Need To Know
The latest Wilson Staff C200 iron is designed to dramatically improve distance and accuracy for the mid-to-high handicap player.
The clubs have been developed within a "Feel, Crossover and Distance" (F-C-D) system to meet the scoring needs of every type of golfer. Wilson Staff defines players under these three categories so that club features and benefits can be matched with individual playing styles and abilities.
The C200 irons have been engineered for the "Crossover" player, identified as a mid-to-high handicapper seeking greater distance and accuracy with a midsize head.
At the core of the C200 innovation is FLX Face Technology, which minimises the contact points between the inner clubhead and its thin face.
To maximise face flex upon impact, Wilson Staff says 76% of the thin face is free from the body of the iron. To fill this gap, Power Holes have been created that go completely through the clubhead and provide space for the face to flex.
The moderate topline very much appeals on first look as it is not too thin or too chunky.
The eye-catching Power Holes certainly aid the shelf appeal and we think they're a nice new touch for a Wilson Staff iron as you can effectively see what you are buying into without even necessarily reading too much into it.
There are probably several better-feeling irons on the market right now, but we think the feel will appeal enough for a higher handicap player.
We certainly couldn't fault its sound at impact, however. There is a nice "clippy" noise on centre strikes and superb feedback on squiffy hits.
We also enjoyed great control and energy transfer throughout testing, much to do with the iron's stock high-end KBS Tour 90 steel shaft, which we must admit is one of our favourites.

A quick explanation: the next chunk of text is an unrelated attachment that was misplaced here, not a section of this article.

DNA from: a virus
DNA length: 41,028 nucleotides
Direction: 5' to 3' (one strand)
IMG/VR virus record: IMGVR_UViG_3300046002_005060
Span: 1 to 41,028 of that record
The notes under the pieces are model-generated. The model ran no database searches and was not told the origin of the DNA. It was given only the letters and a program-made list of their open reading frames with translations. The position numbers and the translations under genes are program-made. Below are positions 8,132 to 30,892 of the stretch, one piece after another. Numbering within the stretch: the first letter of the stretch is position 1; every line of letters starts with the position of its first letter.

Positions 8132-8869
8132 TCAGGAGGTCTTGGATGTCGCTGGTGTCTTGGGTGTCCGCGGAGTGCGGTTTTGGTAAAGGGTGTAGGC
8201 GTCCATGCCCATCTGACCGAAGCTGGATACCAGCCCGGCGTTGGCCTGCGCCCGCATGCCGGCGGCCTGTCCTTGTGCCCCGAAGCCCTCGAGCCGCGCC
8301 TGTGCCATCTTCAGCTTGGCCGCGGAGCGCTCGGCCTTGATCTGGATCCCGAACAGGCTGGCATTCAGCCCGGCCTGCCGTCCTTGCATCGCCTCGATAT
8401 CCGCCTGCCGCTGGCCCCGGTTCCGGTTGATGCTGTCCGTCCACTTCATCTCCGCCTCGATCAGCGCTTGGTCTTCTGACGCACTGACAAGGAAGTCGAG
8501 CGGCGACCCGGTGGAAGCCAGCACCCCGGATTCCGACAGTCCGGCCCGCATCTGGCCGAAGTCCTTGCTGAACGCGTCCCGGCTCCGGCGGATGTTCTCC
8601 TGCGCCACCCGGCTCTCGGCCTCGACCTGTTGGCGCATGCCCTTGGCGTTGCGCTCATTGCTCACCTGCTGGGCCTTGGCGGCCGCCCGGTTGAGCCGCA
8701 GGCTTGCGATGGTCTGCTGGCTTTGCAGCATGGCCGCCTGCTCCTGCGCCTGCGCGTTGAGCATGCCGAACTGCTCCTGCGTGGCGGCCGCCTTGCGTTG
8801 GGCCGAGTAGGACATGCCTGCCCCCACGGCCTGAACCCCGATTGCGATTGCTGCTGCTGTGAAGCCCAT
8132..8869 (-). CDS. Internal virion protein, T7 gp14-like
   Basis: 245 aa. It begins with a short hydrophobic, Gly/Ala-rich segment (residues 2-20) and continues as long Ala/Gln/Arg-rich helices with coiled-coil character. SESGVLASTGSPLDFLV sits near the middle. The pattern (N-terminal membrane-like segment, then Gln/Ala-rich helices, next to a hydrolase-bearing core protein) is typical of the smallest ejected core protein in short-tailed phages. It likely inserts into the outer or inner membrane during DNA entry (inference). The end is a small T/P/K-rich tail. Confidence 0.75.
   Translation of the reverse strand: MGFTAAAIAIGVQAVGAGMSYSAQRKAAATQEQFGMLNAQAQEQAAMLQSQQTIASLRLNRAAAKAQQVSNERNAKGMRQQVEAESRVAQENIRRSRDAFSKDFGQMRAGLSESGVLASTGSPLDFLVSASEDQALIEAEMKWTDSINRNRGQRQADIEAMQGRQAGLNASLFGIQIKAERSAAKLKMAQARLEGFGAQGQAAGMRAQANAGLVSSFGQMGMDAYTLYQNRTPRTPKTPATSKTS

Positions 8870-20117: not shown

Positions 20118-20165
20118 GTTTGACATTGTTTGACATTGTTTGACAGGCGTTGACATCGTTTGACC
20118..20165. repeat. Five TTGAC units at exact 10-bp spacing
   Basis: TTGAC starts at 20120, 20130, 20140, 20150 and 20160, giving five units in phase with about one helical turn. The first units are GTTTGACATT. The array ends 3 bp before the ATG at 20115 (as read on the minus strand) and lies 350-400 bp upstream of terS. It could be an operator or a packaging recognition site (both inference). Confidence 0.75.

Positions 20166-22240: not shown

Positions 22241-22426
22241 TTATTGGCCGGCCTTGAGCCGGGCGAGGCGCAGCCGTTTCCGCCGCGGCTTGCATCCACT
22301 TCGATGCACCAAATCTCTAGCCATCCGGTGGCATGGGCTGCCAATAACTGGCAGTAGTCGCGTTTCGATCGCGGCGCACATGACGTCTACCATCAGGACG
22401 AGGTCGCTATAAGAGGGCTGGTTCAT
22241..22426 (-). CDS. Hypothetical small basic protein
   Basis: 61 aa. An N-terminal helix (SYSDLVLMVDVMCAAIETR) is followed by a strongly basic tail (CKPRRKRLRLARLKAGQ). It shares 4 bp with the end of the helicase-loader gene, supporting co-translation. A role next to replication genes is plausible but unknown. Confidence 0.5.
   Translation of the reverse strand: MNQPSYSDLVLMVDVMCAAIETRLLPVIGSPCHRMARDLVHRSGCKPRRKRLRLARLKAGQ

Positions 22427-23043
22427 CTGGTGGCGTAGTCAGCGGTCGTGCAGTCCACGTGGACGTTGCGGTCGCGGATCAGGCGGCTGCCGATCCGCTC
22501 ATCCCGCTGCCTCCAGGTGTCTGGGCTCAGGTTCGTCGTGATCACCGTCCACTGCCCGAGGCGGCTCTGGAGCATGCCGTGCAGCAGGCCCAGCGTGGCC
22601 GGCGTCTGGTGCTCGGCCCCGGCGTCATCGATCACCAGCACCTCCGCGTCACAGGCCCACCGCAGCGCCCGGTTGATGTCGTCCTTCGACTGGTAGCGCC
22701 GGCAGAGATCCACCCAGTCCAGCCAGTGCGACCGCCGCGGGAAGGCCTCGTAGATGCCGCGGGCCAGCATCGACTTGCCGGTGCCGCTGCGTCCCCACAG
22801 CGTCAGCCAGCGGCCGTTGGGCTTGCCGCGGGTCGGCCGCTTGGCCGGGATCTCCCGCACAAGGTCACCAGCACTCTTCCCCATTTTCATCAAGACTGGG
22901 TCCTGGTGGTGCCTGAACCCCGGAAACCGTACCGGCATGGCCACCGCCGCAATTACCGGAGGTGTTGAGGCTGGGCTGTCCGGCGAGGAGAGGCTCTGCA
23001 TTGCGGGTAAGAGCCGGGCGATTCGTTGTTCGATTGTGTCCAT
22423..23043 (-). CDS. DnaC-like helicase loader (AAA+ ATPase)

The stock Lamkin Crossline grip adds to the all-round feel.
Considering the C200 irons fit the "Crossover" category, sitting in between "Feel" and "Distance", there was superb distance out of this one - much to do with the introduction of the Power Holes.
Just as we've seen from several brands in recent years, there is a nice trampoline effect to the C200 with the face flexing at impact. We would say we were receiving an extra club of distance, with the 8-iron carrying close to 160 yards and 6-iron at 180 yards.
For us, the C200 iron represents Wilson Staff's longest ever game-improvement model.
As we've already mentioned, the feel was not quite as strong as something like a Wilson FG Tour iron, but those seeking the ultimate in feel will likely be better ball strikers anyway.
But we certainly couldn't fault the C200 when it came to getting the ball airborne with a consistent mid to high launch - something just about every mid-to-high handicap will appreciate.
For those looking for ease of launch, accuracy and extremely solid distance - arguably a club further than average - the C200 should be very much on the radar, especially at £499 for the set in steel.